From the April 2014 issue of Futures Magazine • Subscribe!

Style is always in fashion with the Russell 1000 Index

Traders like to consider themselves independent thinkers on the investment landscape, but when the shape of the investment landscape is defined by the collective actions of others, you have to run with the herd. Also known as trend-following, this has been an accepted part of futures trading for years.

Equity traders and investors have to play the game a little bit differently, as most institutional investors have to follow charters defining their risk parameters and industry exposure. If you look at the prospectus for something with “value” in its name, you should not have to guess whether or not the manager favors stocks with low price-to-book ratios and above-average dividend yields.

While these investment managers have to hew to their charters, plus or minus, their investors do not. As various types of investments move into and out of favor, flows of funds follow in long-running trends. Sometimes these propel growth stocks in a given sector higher, as happened during the technology bubble of the late 1990s; sometimes they push the value stocks in a given sector lower, as happened to the large-capitalization financial stocks during the 2008 financial crisis and its aftermath. In all cases, these changing investment fashions are reflected in the divergent behavior of style indexes, such as the Russell 1000 Value and Russell Growth indexes.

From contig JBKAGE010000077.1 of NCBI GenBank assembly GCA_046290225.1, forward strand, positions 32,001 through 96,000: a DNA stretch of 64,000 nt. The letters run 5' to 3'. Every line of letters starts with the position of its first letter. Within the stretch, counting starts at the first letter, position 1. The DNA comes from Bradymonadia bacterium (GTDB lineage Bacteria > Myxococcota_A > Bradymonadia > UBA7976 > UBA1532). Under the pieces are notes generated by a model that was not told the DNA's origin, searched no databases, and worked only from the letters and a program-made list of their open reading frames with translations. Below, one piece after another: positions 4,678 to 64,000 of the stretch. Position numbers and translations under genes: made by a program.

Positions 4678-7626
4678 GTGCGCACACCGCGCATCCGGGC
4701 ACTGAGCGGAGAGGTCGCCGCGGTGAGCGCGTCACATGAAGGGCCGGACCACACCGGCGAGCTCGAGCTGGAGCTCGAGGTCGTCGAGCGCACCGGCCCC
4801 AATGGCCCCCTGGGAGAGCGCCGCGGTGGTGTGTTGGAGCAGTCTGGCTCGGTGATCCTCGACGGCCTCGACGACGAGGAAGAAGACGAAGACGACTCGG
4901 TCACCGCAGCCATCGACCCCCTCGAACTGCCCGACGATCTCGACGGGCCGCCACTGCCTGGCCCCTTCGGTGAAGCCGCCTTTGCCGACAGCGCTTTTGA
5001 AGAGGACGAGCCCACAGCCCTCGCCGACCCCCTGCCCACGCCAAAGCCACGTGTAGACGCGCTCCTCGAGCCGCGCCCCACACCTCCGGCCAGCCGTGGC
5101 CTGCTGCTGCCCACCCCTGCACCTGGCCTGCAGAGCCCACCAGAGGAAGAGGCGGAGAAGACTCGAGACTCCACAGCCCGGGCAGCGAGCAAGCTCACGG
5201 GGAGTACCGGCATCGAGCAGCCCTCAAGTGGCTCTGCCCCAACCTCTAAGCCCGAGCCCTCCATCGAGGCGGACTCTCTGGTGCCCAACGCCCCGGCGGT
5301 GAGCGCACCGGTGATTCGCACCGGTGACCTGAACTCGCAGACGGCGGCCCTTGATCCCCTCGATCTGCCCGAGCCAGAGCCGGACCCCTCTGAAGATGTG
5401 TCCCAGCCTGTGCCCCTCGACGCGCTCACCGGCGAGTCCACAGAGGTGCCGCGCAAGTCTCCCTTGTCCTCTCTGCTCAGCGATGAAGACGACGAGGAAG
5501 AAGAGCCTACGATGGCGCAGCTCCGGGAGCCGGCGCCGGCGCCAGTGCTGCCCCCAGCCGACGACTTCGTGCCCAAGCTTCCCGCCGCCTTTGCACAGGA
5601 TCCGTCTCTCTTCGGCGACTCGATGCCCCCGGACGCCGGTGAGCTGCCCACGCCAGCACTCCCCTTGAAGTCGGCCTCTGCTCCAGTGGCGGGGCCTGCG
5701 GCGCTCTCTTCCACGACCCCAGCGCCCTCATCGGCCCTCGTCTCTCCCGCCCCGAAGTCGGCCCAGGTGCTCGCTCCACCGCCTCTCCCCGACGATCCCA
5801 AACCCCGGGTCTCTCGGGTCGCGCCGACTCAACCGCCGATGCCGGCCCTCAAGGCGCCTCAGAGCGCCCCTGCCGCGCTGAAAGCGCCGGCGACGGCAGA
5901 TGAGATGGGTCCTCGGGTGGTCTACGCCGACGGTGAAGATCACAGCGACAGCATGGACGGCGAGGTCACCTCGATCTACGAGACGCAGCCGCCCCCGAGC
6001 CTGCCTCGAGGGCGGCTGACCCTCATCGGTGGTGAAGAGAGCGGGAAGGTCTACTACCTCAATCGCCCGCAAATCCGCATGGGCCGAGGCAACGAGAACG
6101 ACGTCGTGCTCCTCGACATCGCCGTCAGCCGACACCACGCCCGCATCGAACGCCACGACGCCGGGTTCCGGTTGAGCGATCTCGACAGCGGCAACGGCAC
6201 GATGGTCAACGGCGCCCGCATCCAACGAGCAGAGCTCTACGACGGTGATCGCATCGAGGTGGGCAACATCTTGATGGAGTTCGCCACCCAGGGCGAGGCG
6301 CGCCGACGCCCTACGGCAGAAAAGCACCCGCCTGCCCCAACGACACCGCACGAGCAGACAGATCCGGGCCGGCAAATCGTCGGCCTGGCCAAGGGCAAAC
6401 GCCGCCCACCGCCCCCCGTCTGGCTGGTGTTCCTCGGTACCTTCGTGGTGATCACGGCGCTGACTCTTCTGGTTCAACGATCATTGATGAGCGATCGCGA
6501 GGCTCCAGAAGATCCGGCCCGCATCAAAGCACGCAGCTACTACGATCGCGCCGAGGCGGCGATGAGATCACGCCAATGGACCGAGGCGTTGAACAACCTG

Let’s look at how “value” vs. “growth” investment trends have moved over time for these large-capitalization issues, what their economic sector dependencies have been and how you can use some readily available market indicators to trade futures on them.

Value and growth differ from each other on more attributes than price-to-book and dividend yield, they also have profound differences in their sector exposure. The largest sector exposure in the value index, by far, is financial services. The other three sectors where value outweighs growth are energy, utilities and health care. Two of these sectors, financial services and utilities, will be singled out for factor analysis in “Comparative sector weights” (below).

The two sectors with the largest relative weights in the growth index are consumer discretionary and technology. Neither should be surprising given their respective leverages to consumer and business spending. Both of these sectors have high volatility levels and tend to surrender gains quickly during market downturns.

In homage to the old Wall Street adage, “It is a market of stocks, not a stock market,” we can say, “It is a set of sectors, not just a single value or growth index.” 

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